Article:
Sermon for the Fourth Sunday in Lent

Text: Luke 15:20
He was still a long way from home when his father saw him; his heart was filled with pity, and he ran, threw his arms around his son, and kissed him.

Not ashamed!

Shame is a painful feeling we have when our improper behaviour, incompetence, and bad judgement are brought out into the open. As we feel shame we feel guilt and disappointment in ourselves and the judgement of others as they wonder how we could have disgraced ourselves in such a way. Embarrassment, dishonour, disgrace, inadequacy and humiliation are associated with shame.

It is believed that the origin of the word ‘shame’ is connected to an older word meaning to cover. We see this in the account of Adam and Eve when they realised that they had disobeyed God and heard him calling for them in the Garden of Eden. They felt shame for what they had done and so what did they do? They covered their nakedness and went undercover as they tried to hide from God. When we feel shame we want to hide from others, not make eye contact, and feel as if our faces are on fire as we blush.

Look into the history of our country you will find attitudes and events that are shameful. For instance, the way the aboriginal people of our country were hunted and killed in the early days of white settlement, or when aboriginal children were forcibly removed from their parents, or when orphanages and homes for children were places of abuse and cruel treatment. Every country has those times in their history that bring shame. Recently we heard the Prime Minister of Great Britain acknowledge the shameful way children were shipped to Australia between 1920 and 1960 and then forgotten by their mother country.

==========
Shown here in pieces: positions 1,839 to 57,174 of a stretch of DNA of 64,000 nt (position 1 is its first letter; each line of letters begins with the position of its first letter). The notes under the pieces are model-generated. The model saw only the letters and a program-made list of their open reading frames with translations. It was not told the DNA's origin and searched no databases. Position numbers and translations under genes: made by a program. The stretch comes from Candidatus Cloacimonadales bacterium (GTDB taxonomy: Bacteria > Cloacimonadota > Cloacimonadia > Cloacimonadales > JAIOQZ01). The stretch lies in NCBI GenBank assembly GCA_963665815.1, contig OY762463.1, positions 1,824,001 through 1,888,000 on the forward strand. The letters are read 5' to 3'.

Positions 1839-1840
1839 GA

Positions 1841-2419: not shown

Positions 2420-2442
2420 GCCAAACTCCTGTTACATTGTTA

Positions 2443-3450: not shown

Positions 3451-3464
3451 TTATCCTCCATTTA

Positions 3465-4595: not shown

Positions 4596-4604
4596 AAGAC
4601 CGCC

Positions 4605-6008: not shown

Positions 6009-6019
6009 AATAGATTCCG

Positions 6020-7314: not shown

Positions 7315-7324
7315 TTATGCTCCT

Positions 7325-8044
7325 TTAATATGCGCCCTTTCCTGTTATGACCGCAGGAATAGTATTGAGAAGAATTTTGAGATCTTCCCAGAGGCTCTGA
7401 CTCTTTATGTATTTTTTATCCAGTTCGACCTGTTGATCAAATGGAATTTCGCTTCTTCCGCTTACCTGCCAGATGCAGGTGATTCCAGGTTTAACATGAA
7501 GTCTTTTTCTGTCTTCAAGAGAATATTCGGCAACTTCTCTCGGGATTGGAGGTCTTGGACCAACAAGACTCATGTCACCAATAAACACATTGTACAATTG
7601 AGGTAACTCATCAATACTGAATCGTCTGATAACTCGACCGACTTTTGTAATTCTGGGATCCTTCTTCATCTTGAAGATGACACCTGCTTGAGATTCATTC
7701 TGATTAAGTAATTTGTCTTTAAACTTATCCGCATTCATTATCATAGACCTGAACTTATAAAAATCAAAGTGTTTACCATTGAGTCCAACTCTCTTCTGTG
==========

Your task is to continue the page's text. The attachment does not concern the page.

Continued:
Shame and dishonour are very important concepts in the Middle East and one’s honour and that of the family are very valuable and to be protected at all costs. It was like that in Jesus’ time.
Remember the wedding at Cana when the wine ran out. That kind of thing brought shame upon the groom and his family and that stigma would stay with them for a long time.
You can imagine the shame Peter felt as he heard the rooster crow and realised that he had done exactly what he had so boldly stated he wouldn’t do – not once but three times he had denied that he ever knew Jesus. We are told he wept bitterly out of shame.

Today’s gospel reading from Luke gives us the story Jesus’ told about the father and his two sons and even though the word shame doesn’t appear in the text, there is still plenty of shame involved in this story. Let’s take a look at the instances of shame in this story.  Part of understanding this parable is to view it from its Middle Eastern context.